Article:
Animal Crossing: Let's go to the City
Buy:
UK US
2008 Spring Animal Crossing: Let's go to the City: Sets you on a magical island tied to real work time. Buy a house, settle down and start collecting furniture. But to see everything here you need to play through a calendar year and get up at strange times in the night to catch particular insects and fish. Compelling, all encompassing and a lot of fun for fanatical players.
Family Gamer Award Details
- Award: Age Group Runner Up
- Date: Spring 2008
- Platform: DS Wii version(s)

Uncharted: Drake's Fortune
Buy:
UK US
2008 Summer Uncharted: Drake's Fortune: This is the unusual and stunning collision of good story, great voice work and enjoyable game play. Although not too much for the grey matter to contend with the experience is as emotional as any blockbuster movie.
Family Gamer Award Details
- Award: Age Group Runner Up
- Date: Summer 2008
- Platform: PS3 version(s)

Assassin's Creed
Buy:
UK US
2008 Autumn Assassin's Creed: The fluid climbing of the main character and tactile nature of the environments first impress here. But play a little longer and you find a game with an interesting relationship to death and revenge.
Family Gamer Award Details
- Award: Age Group Runner Up
- Date: Autumn 2008
- Platform: PS3 360 PC version(s)

Mirror's Edge
Buy:
UK US
2008 Winter Mirror's Edge: This game takes a familiar platforming genre and introduces a first person perspective. What results is a brilliant and unique experience that is as much about how we interact with our environment as it is about shooting the bad guys.
Family Gamer Award Details
- Award: Game of the Year
- Date: Winter 2008
- Platform: PS3 360 PC version(s)
Games for Grandparents
The best games for grandparents, older, senior, grown-up, mature, retired and wiser people. These games provide a slightly slower, although no less challenging experience. Time and consideration are of the essence as our most senior gamers enjoy interacting with other players and perfecting their approach.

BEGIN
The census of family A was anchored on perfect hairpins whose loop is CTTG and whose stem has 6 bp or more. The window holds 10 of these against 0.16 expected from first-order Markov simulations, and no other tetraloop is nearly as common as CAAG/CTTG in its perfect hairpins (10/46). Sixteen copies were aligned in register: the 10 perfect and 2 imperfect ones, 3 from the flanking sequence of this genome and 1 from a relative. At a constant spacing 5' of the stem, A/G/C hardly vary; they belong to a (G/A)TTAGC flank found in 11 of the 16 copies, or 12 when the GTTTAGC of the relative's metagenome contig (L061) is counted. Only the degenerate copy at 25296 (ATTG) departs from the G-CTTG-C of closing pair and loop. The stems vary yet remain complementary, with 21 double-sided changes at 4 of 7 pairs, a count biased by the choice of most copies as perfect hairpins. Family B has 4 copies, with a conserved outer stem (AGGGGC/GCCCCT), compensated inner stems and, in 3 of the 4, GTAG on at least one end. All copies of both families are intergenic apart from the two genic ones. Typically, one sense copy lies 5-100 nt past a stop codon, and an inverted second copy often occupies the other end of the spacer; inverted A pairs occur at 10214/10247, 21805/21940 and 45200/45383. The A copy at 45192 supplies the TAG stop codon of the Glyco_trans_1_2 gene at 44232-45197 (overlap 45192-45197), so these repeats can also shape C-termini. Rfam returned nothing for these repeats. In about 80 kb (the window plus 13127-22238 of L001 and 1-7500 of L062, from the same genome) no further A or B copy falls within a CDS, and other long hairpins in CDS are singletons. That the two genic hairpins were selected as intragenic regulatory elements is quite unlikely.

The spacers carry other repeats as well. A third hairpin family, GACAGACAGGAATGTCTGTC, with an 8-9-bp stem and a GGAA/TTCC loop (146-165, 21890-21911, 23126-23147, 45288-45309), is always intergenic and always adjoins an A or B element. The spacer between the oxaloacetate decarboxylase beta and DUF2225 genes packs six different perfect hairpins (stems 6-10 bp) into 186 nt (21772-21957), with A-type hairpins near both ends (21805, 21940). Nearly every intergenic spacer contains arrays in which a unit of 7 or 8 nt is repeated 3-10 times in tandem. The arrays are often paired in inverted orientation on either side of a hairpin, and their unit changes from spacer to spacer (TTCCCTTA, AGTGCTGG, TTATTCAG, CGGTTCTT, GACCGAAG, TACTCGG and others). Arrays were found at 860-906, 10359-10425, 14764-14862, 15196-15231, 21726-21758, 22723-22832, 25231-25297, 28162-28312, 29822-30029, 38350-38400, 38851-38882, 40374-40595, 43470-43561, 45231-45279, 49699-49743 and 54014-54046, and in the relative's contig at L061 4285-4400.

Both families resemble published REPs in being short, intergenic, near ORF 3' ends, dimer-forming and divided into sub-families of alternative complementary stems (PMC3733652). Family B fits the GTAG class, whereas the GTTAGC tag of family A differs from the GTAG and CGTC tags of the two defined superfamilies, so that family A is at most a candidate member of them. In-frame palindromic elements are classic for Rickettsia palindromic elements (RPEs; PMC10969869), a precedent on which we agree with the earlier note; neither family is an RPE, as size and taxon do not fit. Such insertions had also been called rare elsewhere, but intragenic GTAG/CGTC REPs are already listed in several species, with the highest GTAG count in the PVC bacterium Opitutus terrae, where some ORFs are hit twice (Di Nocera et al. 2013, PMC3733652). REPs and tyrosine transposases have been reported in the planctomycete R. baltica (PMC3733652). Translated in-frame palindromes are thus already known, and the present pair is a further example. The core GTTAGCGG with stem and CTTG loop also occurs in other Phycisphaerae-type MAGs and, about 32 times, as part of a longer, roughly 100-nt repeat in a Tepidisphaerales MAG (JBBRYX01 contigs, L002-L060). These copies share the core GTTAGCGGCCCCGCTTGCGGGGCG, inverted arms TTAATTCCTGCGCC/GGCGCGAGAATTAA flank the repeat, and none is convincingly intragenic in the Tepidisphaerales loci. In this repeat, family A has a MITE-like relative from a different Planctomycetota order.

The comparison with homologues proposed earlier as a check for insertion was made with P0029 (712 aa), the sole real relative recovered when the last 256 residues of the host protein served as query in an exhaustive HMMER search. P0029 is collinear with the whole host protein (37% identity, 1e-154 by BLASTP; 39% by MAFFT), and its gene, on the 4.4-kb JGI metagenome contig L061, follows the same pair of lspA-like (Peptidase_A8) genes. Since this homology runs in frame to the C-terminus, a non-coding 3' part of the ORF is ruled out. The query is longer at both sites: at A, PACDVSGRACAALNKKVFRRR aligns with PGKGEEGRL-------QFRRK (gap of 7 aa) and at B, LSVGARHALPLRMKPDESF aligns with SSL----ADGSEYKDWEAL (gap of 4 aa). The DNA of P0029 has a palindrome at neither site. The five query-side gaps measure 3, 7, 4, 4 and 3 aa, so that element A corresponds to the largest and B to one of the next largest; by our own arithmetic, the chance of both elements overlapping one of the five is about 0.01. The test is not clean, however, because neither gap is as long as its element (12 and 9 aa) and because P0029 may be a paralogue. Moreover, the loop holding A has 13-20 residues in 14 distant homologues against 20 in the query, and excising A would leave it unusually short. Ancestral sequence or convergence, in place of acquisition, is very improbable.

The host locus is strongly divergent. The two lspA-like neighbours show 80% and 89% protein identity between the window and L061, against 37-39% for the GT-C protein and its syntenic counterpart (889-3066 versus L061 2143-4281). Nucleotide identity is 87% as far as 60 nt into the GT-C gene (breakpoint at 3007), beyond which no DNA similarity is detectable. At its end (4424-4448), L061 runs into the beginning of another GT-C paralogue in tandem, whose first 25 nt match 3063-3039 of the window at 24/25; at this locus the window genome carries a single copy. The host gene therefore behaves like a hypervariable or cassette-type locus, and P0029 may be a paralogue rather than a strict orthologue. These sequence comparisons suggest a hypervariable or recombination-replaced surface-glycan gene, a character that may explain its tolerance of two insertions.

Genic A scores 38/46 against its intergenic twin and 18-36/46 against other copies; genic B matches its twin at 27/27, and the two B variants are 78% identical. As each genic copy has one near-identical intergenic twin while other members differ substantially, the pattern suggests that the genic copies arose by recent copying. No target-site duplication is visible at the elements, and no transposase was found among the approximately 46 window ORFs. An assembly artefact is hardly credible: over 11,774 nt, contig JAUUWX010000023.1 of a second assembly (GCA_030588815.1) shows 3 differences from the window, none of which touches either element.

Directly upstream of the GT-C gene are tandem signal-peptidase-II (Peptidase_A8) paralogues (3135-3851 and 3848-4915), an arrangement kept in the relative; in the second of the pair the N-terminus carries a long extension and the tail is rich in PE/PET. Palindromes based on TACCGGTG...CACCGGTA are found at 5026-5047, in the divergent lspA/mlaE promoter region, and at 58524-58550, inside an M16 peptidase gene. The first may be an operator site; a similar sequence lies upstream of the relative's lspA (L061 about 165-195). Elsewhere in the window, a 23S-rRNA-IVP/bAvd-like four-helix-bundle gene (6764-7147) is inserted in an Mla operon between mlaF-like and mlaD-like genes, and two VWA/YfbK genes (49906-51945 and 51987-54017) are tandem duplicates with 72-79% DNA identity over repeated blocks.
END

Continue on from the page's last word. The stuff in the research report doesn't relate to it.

Gran Turismo 5 Prologue
Buy:
UK US
2008 Spring Gran Turismo 5 Prologue: The level of physical modelling here is simply breathtaking. The perfectly modelled interiors complement the physics to convince drivers they are sat in the real thing.
Family Gamer Award Details
- Award: Age Group Runner Up
- Date: Spring 2008
- Platform: PS3 version(s)

Tiger Woods 09
Buy:
UK US
2008 Summer Tiger Woods 09: As close to real life golfing as you can get on a console. The game is played using the Wii-mote as the golf club. The 2009 version provided an accurate one-to-one swing alongside simplified putting. Once time is spent acclimatising to the controls there is no going back to other golf games.
Family Gamer Award Details
- Award: Age Group Runner Up
- Date: Summer 2008
- Platform: PS3 Wii version(s)

Picross
Buy:
UK US
2008 Autumn Picross: This perfectly pitched puzzle game combines mathematics and crossword mechanics to create something as beguiling as it is addictive. Once players have mastered the single player puzzles they can go head-to-head online for a real nail biting show down.
Family Gamer Award Details
- Award: Age Group Winner
- Date: Autumn 2008
- Platform: DS version(s)

Pinball FX
Buy:
UK US
2008 Winter Pinball FX: The perfect antidote to a busy dusty day at work. Just like playing in the dingy arcades of old, this 360 game recreates the physicality and touch of the real game.
Family Gamer Award Details
- Award: Age Group Runner Up
- Date: Winter 2008
- Platform: 360 3DS PS3 version(s)

© GamePeople 2006-13 | Contact | Huh?

Grown up gaming?

Home | About | Radio shows | Columnists | Competitions | Contact

RSS | Email | Twitter | Facebook

With so many different perspectives it can be hard to know where to start - a little like walking into a crowded pub. Sorry about that.

But so far we've not found a way to streamline our review output - there's basically too much of it. So, rather than dilute things for newcomers we have decided to live with the hubbub while helping new readers find the columnists they will enjoy.

What sort of gamer are you?

Our columnists each focus on a particular perspective and fall into one of the following types of gamers: